Union calls for Air NZ to allow workers better influence over company's direction

updated By Jessica Tyson

The union E Tū representing around 4,000 Air New Zealand staff are calling for Air New Zealand to allow their staff to have a better influence on the decisions made around their jobs.

Air New Zealand is expected to lay off around 3,500 people because its revenue has dropped from nearly $6bil to $500mil due to the impact of COVID-19.

E Tū Assistant National Secretary Rachel Mackintosh wants union members involved in all decisions where the airline is concerned.

“We are calling on [Air New Zealand] to go back to the practices that they’ve had until very recently which is proper engagement and forums where the voices of the people doing the work are really heard and that the workers can have some influence of the direction of the company.”

She says the staff are feeling devastated about losing their jobs.

"When you work for Air New Zealand the company calls its staff Air New Zealanders. So when people get laid off they’re not just losing income, they’re losing jobs, they’re really losing, it’s almost like a nationality."

Air New Zealand received a $900mil bailout from the government and the wage subsidy has been extended to help staff. But even in a year Air New Zealand be 30 per cent smaller than it is today.

Mackintosh says the union is calling on the airline to listen to the voices of staff and treat them with dignity.

“It’s more than just a commercial enterprise Air New Zealand. It’s our national carrier. It’s got a huge central part now. Infrastructure, not just our physical infrastructure but the social infrastructure of this country.”

She says Air New Zealand is putting profit before people.

“So instead of taking more account of the needs of the staff at this time it is looking really to cut costs and to save money. That is what they’ve stated they’re doing.”

Mackintosh says for Air New Zealand staff who have a membership with E Tū, 70 per cent of the international crew will be left without jobs as well as 30 per cent of staff right across the company.

Among the overall E Tū membership, it’s going to be closer to 40 per cent, she says.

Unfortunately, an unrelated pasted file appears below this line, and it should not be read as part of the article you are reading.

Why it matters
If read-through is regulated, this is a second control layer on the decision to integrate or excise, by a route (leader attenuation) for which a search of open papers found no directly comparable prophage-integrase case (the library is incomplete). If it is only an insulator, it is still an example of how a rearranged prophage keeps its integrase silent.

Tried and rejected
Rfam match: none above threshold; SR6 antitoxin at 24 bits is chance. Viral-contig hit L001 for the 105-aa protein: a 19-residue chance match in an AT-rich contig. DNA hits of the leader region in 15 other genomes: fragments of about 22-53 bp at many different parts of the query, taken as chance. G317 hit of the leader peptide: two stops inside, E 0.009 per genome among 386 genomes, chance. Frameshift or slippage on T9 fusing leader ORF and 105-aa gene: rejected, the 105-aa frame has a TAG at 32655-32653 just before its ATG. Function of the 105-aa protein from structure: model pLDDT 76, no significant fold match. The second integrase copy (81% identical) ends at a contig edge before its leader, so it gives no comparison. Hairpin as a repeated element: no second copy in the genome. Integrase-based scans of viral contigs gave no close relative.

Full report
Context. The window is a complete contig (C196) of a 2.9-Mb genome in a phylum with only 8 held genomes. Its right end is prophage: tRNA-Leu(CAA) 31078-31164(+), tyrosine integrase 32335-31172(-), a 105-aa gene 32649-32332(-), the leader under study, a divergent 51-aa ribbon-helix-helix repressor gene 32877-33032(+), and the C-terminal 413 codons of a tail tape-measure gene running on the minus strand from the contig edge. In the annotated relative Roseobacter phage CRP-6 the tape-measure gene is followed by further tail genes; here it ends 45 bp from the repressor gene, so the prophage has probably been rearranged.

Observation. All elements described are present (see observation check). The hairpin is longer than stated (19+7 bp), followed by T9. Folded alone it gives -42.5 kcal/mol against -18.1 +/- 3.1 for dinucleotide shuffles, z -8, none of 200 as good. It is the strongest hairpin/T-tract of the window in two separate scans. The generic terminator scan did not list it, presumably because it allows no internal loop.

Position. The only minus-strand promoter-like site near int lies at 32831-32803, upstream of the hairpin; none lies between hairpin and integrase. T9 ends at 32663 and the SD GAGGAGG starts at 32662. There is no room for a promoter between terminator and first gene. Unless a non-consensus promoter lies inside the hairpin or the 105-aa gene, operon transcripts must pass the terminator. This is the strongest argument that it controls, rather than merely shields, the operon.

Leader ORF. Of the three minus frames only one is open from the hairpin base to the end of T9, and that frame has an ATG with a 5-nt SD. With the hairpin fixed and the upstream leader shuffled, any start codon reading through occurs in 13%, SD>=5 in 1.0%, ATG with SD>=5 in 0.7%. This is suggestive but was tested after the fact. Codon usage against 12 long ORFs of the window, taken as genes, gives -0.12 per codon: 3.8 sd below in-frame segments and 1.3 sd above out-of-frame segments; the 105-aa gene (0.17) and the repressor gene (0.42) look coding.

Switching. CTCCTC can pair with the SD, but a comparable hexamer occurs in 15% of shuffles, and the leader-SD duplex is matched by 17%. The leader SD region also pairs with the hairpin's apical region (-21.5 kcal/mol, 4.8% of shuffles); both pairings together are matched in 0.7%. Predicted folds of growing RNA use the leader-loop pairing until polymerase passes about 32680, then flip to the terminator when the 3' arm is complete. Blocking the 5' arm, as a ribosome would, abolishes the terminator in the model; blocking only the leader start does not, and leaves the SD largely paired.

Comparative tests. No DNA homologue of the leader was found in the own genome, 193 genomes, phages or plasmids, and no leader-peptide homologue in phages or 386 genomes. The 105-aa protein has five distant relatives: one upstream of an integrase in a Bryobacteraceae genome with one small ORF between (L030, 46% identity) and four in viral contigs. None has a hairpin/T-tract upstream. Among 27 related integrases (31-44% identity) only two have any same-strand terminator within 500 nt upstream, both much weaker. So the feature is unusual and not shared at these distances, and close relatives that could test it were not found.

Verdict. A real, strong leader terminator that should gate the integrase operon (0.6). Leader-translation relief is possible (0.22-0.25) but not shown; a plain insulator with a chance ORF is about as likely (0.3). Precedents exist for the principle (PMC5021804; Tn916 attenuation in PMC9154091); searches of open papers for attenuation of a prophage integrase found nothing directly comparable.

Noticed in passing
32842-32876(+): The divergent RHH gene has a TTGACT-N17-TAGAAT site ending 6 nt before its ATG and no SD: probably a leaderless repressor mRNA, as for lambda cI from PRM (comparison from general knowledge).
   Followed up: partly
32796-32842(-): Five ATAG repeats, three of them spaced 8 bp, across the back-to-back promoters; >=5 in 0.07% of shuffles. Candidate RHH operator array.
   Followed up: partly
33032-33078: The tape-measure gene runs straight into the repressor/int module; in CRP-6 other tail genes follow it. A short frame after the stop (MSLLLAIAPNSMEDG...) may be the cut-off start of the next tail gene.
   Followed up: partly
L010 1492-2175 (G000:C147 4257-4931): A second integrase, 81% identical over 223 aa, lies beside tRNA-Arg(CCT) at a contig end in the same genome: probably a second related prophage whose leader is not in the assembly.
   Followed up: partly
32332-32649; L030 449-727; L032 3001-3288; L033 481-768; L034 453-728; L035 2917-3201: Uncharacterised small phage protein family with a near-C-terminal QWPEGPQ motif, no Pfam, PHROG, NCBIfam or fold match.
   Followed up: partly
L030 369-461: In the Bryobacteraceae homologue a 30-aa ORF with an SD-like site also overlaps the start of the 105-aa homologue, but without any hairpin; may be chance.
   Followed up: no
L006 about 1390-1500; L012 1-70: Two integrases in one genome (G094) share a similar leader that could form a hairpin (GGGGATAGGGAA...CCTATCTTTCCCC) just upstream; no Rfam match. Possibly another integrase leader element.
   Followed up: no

Mackintosh says 900 long-haul aircrew, 1500 aircrew, ground staff and people working in engineering will be affected.

“It’s right across,” she says.

Air New Zealand says process hasn't been rushed

An Air New Zealand spokesperson confirmed that as a result of the financial damage caused by COVID-19, Air New Zealand has been forced to undergo a significant programme of cost reductions.

"In addition to cost savings right across our business, Air New Zealand has taken the step of reducing our workforce by 3,500 roles."

The spokesperson says the process has not been rushed and consultation has been very comprehensive and in good faith.  

"We started talking to staff and unions about these issues nine weeks ago and have done everything possible since then to collaborate and reduce the number of compulsory redundancies, including calling for voluntary exits, leave without pay, applying for the Government wage subsidy and exploring redeployment and part-time options.

"We also worked with our staff to establish a furlough scheme, however this was not supported by E Tū. We will continue to work on a furlough option for our people regardless."

The spokesperson says staff have been able to seek clarity on all questions they may have about the proposed changes to their employment.

"In addition to more than 700 meetings with managers, we have run 128 Live Streams for staff since the 16th of March."

The spokesperson says the company understands it is a very difficult time for their people.

"Those leaving the business have all received a personal phone call from their manager and we also provided career transition assistance, financial planning information and a range of wellbeing support tools. We will continue to have constructive discussions with our staff and our four unions as we work to protect Air New Zealand’s future and do our best to retain the 9000 jobs that remain."

Mackintosh says E Tū hopes to sit down with the company leaders to talk about the future and about the effect on the company and communities.